The major risks covered by renter's insurance are damage or loss to items of personal property contained in the residence and liability to third parties who are injured while in the residence.

As the insured, you and the members of your home are covered for the loss of the home and its contents. Third parties -- other people who come to your home -- are covered through the liability portion of the insurance policy for injuries caused by your negligence. In addition, you and the members of your household have some liability protection to others even while you are away from the premises.

With renter's insurance, it is important to note that coverage is only provided to the person named in the policy. Even if you share the premises with someone else - if it is your insurance, the property of your 'roommate' is not covered.

Commercial Insurance

Yes. Your chance of suffering a loss begins with the first day of business. If you suffer a loss and have no insurance or have improper or insufficient coverage, your insurance agent can do little, if anything, to help you. Also, many states and local jurisdictions require businesses to have insurance to begin operating. And if you rent space for your business, your landlord probably requires you to obtain adequate insurance.

Every business has some property. When you think about it, your business is your property. Just like your home and your car, your business needs to be protected from loss, damage, and liability. In addition, your business is your source of income, so you need protection from the potential loss of that income.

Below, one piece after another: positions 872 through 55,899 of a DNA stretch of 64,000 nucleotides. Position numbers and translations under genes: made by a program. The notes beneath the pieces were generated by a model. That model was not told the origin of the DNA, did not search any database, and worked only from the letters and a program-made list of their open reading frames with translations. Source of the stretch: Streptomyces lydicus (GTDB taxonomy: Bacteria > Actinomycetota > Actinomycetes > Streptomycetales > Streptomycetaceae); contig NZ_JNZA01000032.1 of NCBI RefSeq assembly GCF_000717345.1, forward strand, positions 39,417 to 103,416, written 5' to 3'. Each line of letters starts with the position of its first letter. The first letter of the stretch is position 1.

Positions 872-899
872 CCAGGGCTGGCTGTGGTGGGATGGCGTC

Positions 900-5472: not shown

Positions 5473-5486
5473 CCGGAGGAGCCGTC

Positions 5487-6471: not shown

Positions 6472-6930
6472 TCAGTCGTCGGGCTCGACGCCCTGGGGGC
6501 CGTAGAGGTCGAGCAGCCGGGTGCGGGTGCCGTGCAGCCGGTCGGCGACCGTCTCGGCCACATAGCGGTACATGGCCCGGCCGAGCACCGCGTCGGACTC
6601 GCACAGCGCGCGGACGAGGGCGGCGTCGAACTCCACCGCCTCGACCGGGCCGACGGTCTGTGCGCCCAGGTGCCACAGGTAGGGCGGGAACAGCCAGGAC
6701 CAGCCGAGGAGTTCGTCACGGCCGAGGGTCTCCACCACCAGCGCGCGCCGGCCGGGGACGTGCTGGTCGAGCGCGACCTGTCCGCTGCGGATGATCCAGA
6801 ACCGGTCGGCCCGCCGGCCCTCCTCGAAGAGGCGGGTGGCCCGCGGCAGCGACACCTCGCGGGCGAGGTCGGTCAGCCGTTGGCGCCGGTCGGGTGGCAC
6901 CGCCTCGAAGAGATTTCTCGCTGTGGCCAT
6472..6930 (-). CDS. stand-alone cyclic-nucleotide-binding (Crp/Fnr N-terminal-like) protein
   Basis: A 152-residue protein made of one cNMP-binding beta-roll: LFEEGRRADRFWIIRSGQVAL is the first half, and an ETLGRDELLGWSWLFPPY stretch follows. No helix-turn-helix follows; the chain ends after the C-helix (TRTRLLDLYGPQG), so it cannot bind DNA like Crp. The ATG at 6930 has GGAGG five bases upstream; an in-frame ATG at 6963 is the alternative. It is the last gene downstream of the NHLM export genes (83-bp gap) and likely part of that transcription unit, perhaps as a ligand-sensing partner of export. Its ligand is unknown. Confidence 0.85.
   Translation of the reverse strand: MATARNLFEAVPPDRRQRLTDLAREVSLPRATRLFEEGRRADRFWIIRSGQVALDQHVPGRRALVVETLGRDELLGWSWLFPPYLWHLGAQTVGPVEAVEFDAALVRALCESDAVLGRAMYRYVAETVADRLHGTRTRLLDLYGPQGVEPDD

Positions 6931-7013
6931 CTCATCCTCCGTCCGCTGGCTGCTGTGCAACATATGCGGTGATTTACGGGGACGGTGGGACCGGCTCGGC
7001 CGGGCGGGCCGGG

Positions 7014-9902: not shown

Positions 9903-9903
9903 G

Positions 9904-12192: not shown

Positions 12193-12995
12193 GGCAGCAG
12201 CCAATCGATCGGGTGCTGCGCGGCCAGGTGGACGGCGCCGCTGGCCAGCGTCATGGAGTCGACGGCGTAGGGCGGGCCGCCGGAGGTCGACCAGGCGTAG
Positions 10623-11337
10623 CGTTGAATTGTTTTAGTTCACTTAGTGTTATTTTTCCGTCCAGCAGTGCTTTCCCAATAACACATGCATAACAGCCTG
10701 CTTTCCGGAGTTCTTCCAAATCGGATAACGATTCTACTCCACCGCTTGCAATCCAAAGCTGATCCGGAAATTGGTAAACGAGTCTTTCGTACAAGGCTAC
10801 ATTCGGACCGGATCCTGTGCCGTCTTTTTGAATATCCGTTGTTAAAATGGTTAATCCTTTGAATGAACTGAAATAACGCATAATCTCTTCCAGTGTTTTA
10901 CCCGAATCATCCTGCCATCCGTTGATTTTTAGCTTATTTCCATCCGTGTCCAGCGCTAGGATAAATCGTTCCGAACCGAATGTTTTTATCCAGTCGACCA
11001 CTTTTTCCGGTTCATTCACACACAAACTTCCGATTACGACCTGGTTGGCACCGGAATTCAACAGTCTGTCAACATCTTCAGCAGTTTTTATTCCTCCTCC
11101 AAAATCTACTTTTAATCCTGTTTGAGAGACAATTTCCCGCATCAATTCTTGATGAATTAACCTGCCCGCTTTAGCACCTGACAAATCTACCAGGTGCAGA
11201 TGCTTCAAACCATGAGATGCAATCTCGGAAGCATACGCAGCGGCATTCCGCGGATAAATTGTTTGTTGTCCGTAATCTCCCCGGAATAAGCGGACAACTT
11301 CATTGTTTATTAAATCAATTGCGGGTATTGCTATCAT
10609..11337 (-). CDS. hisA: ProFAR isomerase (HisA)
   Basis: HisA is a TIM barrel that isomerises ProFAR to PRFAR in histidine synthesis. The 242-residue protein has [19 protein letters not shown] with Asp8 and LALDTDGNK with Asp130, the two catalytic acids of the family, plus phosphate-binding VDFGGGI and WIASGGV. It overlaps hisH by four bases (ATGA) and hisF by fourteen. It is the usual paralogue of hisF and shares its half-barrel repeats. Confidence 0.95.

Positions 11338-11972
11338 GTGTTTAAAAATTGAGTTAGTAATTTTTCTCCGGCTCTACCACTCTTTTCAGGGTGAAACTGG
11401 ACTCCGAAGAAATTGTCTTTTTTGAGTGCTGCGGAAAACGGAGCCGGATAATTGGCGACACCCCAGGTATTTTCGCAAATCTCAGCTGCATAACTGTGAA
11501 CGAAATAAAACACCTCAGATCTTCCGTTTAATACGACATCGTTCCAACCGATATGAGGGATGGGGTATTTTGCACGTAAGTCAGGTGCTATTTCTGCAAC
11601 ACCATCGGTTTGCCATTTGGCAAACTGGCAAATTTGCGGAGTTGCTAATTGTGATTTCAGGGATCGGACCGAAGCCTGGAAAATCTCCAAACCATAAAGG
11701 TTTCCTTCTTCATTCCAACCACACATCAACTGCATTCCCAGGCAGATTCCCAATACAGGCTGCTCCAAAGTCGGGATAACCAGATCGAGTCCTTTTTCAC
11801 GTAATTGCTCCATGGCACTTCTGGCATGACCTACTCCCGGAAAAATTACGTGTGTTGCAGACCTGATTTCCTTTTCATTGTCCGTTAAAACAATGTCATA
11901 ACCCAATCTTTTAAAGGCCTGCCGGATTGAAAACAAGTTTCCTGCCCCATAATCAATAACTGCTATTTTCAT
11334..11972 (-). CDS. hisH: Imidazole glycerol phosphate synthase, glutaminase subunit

It can. Many small businesses opt for package policies that cover the major Property and Liability exposures as well as for a loss of income. A common package policy used by many small businesses is called the Business Owners Policy (BOP). Generally, BOPs provide more complete coverage at a lower price than separate policies for each type of insurance needed. We can help you decide which policy or policies are right for your business. You can also purchase additional coverage for perils or conditions otherwise excluded (e.g., flood protection) as endorsements to a standard policy or as a separate, second policy called a Difference in Conditions (DIC) policy.

Running a business is inherently risky. Many factors outside the control of the business owner can influence the success or failure of the enterprise and a high percentage of new businesses fall within a few months of inception. Even large and successful businesses can succumb to changing conditions.

Consider what has happened to some of the largest companies in industries such as communications, computers, and transportation. To improve the probability of success, the management of a business should think about potential risks and how to offset them.

The losses to a business caused by increased expenses or decreased revenues could threaten the livelihood of the owner or owners. A realistic analysis of the risks inherent in the business and a plan for dealing with them will protect the business from unanticipated losses and disruptions to its flow of income.